When used by development teams, Kanban features a large backlog (list) of user stories that need to be addressed. Business owners/stakeholders are responsible for maintaining and prioritizing that list religiously because it is the sole source of work for the developers. When a team member is ready to work on a new story, they pull it from the backlog and into the “In Progress” column on the Kanban board. As the project progresses it moves across the board until it is completed. The team member(s) handling that project should not start on anything else from the backlog until their current project is complete.
Learn more about Kanban
Waterfall has evolved from more traditional work management methodologies, employing a sequential, top-down approach to project management. Using Waterfall, project managers strive to eliminate risk and uncertainty by outlining all the steps in a project and defining its scope, budget, and schedule upfront.
One of the foundations of Waterfall is that investing time in the early stages of a project on proper design and requirements will ultimately cut down on time, effort, and future problems. This is mainly accomplished by ensuring one phase of a project is 100 percent successfully completed before moving onto the next.
Scrum is another Agile framework that organizes projects into sprints, or very defined periods of time. Teams create a backlog of tasks that need to be completed in a sprint and plan realistic deadlines. During the sprint, daily stand-up meetings are held where team members report on what they accomplished the previous day, what they plan on doing that day, and any roadblocks that may hold them back. At the end of the sprint, a meeting is held to review accomplishments.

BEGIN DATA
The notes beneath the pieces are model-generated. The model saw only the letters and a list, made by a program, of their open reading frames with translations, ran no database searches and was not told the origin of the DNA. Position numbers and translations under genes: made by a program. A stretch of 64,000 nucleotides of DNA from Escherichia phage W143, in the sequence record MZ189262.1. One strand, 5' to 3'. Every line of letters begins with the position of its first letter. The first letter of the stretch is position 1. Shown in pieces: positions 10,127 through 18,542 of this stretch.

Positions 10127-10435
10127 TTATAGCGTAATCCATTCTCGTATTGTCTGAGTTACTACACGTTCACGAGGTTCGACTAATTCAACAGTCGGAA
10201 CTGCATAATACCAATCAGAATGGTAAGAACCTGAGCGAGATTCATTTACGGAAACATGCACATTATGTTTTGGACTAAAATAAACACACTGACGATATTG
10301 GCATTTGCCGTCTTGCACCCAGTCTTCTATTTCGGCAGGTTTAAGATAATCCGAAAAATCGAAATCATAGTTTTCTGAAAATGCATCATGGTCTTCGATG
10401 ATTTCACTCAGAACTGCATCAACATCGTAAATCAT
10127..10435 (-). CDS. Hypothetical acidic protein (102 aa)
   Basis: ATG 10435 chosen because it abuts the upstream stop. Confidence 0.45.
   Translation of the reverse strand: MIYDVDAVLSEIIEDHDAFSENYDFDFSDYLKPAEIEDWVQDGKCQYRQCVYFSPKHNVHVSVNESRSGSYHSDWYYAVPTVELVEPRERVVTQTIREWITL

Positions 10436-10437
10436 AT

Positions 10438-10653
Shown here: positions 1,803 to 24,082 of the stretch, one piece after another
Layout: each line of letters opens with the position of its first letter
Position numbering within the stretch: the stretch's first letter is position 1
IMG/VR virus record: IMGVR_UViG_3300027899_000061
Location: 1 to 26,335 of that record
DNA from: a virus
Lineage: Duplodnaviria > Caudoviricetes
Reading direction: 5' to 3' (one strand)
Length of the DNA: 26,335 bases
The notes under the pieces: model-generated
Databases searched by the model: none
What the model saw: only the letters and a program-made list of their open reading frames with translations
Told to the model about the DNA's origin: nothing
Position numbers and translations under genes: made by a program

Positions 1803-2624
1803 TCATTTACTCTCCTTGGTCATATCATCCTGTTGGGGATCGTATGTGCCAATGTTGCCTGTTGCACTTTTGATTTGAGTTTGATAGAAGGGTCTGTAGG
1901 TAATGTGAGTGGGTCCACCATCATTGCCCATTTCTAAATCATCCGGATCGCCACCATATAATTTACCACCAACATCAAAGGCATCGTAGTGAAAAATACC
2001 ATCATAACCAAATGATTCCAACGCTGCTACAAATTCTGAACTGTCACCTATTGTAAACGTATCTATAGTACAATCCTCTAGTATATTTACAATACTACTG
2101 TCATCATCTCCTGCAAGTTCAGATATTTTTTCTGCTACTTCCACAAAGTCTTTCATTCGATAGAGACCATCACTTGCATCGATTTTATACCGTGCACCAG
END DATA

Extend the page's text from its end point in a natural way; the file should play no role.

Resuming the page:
Learn more about Scrum methodology
This common methodology focuses on the financial returns of projects and encourages decision making based on data. Six Sigma premises are: 1) projects are most successful when variation in processes is reduced; 2) process features can be defined, controlled, measured, and improved; and 3) success is dependent on buy-in from the entire organization.
Even with this variety of approaches, one single methodology might not fit every project or organization. A hybrid approach to your project, where you blend methodologies, can increase benefits and provide a more custom fit for your team. You might consider blending Agile and Waterfall, or Scrum and Kanban into Scrumban, for example.
Any hybrid approach starts with the project manager being well versed in multiple methodologies and knowing when to blend elements for optimum project performance and outcomes.
Read more about project management methodologies
Industries that depend on project management
You’ll be hard-pressed to find a field that doesn’t require some level of skilled project management. Industries that rely heavily on project management include:
When should you use project management?
Formal project management isn’t required for every activity. A project, unlike day-to-day operations or ongoing tasks, usually has a specific deliverable, objective, team structure, and timeframe.
When your work fits the definition of a project
You should deploy project management that initiates, plans, and controls a range of tasks if your work will: